#Connection to localhost:7100 is opened
$>get -b java.lang:type=Memory HeapMemoryUsage
#mbean = java.lang:type=Memory:
HeapMemoryUsage = { 
  committed = 2036334592;
  init = 2078277632;
  max = 2036334592;
  used = 985375216;
 };

$>run -b java.lang:type=Memory gc
#calling operation gc of mbean java.lang:type=Memory
#operation returns: 
null

$>get -b java.lang:type=Memory HeapMemoryUsage
#mbean = java.lang:type=Memory:
HeapMemoryUsage = { 
  committed = 2036334592;
  init = 2078277632;
  max = 2036334592;
  used = 136428896;
 };

However, just knowing the heap size doesn’t give us any better insight into what is actually consuming the memory. For that, we need a heap dump.

If your Cassandra node dies due to an OutOfMemoryError, a heap dump is created for you in the directory where it’s run. If not, you need to create your own:

$ jmap -dump:format=b,file=heap.bin `pgrep -f CassandraDaemon`
Dumping heap to /home/ryan/heap.bin ...
Heap dump file created

The heap dump created is a snapshot in time of the memory usage of Cassandra. You can analyze it at your leisure, even on a machine different from the one running Cassandra. One of the best tools for heap dump analysis is the Eclipse Memory Analyzer Tool (MAT).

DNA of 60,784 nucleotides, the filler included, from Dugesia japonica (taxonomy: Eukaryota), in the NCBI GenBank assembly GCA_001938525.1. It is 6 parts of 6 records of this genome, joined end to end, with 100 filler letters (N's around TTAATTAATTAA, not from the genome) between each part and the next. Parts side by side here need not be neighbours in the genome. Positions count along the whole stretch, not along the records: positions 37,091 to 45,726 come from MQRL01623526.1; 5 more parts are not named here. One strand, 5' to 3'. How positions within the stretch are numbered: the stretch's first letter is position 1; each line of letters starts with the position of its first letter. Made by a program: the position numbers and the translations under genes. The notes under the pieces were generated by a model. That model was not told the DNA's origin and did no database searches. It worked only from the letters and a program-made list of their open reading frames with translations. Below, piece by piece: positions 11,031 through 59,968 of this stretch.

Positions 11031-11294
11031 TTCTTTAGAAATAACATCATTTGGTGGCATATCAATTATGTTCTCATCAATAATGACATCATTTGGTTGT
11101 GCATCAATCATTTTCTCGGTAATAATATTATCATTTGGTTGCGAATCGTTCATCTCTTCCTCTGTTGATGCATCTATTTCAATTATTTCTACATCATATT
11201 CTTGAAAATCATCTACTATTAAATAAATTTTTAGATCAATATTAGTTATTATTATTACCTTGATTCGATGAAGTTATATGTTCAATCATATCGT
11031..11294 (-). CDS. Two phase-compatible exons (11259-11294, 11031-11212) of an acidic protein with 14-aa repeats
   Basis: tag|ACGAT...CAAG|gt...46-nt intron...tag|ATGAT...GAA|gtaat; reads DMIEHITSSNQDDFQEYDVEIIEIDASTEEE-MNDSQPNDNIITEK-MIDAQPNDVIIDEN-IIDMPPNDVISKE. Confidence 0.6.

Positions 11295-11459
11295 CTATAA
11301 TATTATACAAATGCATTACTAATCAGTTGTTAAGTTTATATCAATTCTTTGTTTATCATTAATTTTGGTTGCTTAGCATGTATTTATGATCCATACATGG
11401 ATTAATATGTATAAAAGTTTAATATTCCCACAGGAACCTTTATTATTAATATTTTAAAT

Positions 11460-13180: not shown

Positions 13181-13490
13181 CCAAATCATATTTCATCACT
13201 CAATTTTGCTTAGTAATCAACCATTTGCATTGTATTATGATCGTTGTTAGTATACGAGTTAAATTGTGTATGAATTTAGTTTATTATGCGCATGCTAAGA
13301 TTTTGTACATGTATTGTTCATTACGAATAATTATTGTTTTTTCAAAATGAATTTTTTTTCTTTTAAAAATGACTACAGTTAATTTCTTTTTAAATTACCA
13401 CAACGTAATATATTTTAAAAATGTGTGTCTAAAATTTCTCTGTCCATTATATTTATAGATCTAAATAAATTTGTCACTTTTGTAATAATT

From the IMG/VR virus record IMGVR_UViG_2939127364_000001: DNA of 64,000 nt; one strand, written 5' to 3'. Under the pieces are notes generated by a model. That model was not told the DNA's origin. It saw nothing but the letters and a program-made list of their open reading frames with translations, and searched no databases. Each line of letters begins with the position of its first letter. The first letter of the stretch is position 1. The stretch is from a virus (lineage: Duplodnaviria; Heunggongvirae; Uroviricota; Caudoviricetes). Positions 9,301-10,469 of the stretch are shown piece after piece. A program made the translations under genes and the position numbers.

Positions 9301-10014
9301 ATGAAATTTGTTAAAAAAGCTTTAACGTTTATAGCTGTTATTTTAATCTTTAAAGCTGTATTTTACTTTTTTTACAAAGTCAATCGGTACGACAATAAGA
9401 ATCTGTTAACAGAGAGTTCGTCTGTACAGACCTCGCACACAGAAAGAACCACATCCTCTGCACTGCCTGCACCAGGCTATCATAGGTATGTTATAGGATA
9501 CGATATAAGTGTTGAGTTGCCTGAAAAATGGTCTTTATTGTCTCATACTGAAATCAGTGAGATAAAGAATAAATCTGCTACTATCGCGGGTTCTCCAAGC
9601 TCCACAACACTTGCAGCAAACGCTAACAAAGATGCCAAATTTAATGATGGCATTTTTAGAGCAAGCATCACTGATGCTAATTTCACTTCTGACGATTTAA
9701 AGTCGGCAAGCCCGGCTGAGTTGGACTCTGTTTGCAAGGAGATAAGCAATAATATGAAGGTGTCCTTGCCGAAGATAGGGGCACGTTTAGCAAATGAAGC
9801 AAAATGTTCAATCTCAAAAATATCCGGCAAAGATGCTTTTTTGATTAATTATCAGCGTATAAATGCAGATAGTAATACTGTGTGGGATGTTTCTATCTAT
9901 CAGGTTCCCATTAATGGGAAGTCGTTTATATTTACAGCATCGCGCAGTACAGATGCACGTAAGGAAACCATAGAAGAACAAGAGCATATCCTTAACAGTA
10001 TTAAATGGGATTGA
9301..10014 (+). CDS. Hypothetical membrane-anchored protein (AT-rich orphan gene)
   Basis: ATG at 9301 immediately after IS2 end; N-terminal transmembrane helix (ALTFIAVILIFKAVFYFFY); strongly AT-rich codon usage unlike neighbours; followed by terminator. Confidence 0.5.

MAT is a GUI tool, so you need to transfer your heap dump to the machine where you’re going to run it. If you’re running a big node, the heap dump will probably be 8GB uncompressed. If you’re debugging a remote node, that’s a lot of data to transfer, so I usually use X11 forwarding and run MAT directly on the machine I’m debugging.

If you open your heap dump in MAT, the first screen you’ll see is an overview of the largest Java objects in memory, like this:

mat-biggest-objects

That’s a lean and happy Cassandra. An unhealthy, unhappy Cassandra looks like this:

mat-biggest-objects-unhealthy

This was from a test where I was pushing the limits of total number of column families. (In this case, the node ran out of memory.)

This chart gives you only the biggest objects, but in reality your memory hog may be lots of little objects of the same type. To find those, open up the Dominator Tree. Set the ‘Group by’ field (outlined in red below) to ‘class’ and then sort the results by Retained Heap to show the largest collection of classes:

mat-dominator-tree

Monitoring Cassandra